Stirred into a creamy risotto or steamed and sprinkled with fresh mint, peas make a perfect Easter dinner side dish. Browse our many pea recipes for simple, delicious sides that will cozy up well with your Easter dinner main course.
For a light and springy pasta dinner, try this pea, basil and Parmesan pesto, then top things off with strips of salty prosciutto.
For classic risotto, the rice is cooked slowly, allowing the outside to become soft, while the inside remains firm. In our shortcut version of this recipe, the rice is uniformly tender and the risotto's texture is less creamy.
This quick nutritious side dish recipe is low in fat, high in fiber. Jerusalem artichokes (also called "sunchokes") aren't really artichokes; they're the root of the sunflower. Eat them raw or lightly cooked.
In this recipe, fresh mint and lemon peel tossed with peas make a refreshing side dish.
Apple cider accents the sweet taste of peas in this simple recipe.
For a vibrant, vegetarian appetizer, top baguette slices with soft cheeses and a mint-pea spread.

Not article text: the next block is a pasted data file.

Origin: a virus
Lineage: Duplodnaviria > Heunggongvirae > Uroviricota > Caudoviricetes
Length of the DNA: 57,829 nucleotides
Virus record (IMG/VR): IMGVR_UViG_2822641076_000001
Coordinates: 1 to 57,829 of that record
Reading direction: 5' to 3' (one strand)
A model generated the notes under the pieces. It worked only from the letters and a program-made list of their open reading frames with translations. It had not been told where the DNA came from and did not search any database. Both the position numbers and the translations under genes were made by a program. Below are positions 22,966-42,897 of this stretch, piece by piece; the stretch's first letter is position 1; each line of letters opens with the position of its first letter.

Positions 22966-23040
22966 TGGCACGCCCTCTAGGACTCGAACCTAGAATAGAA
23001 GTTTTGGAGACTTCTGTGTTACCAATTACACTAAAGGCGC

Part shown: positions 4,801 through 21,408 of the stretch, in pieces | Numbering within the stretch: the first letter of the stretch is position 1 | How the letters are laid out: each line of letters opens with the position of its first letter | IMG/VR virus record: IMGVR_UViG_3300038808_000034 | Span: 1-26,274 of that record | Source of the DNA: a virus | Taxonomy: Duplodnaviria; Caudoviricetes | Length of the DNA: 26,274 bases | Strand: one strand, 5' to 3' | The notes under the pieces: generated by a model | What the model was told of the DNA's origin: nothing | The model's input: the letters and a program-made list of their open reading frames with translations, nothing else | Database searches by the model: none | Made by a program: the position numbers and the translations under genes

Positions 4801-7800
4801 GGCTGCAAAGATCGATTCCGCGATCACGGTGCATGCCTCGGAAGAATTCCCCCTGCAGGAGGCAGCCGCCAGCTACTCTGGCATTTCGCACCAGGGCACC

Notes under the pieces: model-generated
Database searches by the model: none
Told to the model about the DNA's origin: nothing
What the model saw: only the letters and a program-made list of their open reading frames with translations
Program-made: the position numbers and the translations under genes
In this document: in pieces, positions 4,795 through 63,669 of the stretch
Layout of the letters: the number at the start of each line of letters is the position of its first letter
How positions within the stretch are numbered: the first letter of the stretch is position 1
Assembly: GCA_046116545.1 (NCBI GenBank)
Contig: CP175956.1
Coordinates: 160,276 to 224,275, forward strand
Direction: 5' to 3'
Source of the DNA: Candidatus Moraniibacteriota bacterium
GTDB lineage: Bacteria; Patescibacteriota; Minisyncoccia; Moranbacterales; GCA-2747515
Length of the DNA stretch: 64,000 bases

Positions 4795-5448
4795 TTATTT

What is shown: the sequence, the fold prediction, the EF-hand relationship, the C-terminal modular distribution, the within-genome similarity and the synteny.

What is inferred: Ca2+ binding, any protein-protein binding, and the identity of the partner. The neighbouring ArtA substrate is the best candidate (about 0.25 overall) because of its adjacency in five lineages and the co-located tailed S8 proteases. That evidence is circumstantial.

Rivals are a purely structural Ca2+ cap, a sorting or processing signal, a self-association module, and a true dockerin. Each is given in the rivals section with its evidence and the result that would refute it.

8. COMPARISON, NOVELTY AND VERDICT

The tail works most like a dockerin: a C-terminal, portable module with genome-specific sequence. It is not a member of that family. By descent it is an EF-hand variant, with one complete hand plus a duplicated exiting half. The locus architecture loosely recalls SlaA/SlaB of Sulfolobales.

Carrots, celery, and onions really up the nutritional ante of this filling pea soup. Always sort through dried peas and beans carefully before cooking and discard any small stones.
Serve this creamy vegetable soup recipe as an appetizer or side dish.
One to two tablespoons of snipped fresh chives, in addition to or instead of the parsley, is a flavorful option for this quick-to-make side dish recipe.
Prepared in less than 30 minutes, this minty side dish has only four ingredients.
Creamy Parmesan cheese sauce, tossed with fettuccine, is updated for this side-dish recipe by adding lemon peel and peas.
No more boil-and-eat packets: Knowing how to prepare Mexican rice from scratch requires a few added steps but pays off with more flavor and far less sodium. Mexican rice (also known as Spanish rice in the U.S., though it's not at all native to Spain) is a popular side dish, often served alongside refried beans, at Mexican-American restaurants.
Everyone should learn how to make chicken Alfredo. Why? It's a classic Italian recipe, its creamy richness is irresistible, and even the picky eaters in your family (you know, the ones who are in the phase of only eating "white" food?) will love it. In fact, that's sort of how Alfredo sauce was invented: Italian chef Alfredo di Lelio created the sauce to appeal to his pregnant wife who had lost her appetite for most foods. It soon became a top seller at his restaurant, Alfredo alla Scrofa. The restaurant, located in Rome, is still doing business today, and still serves their signature Alfredo sauce over chicken and pasta.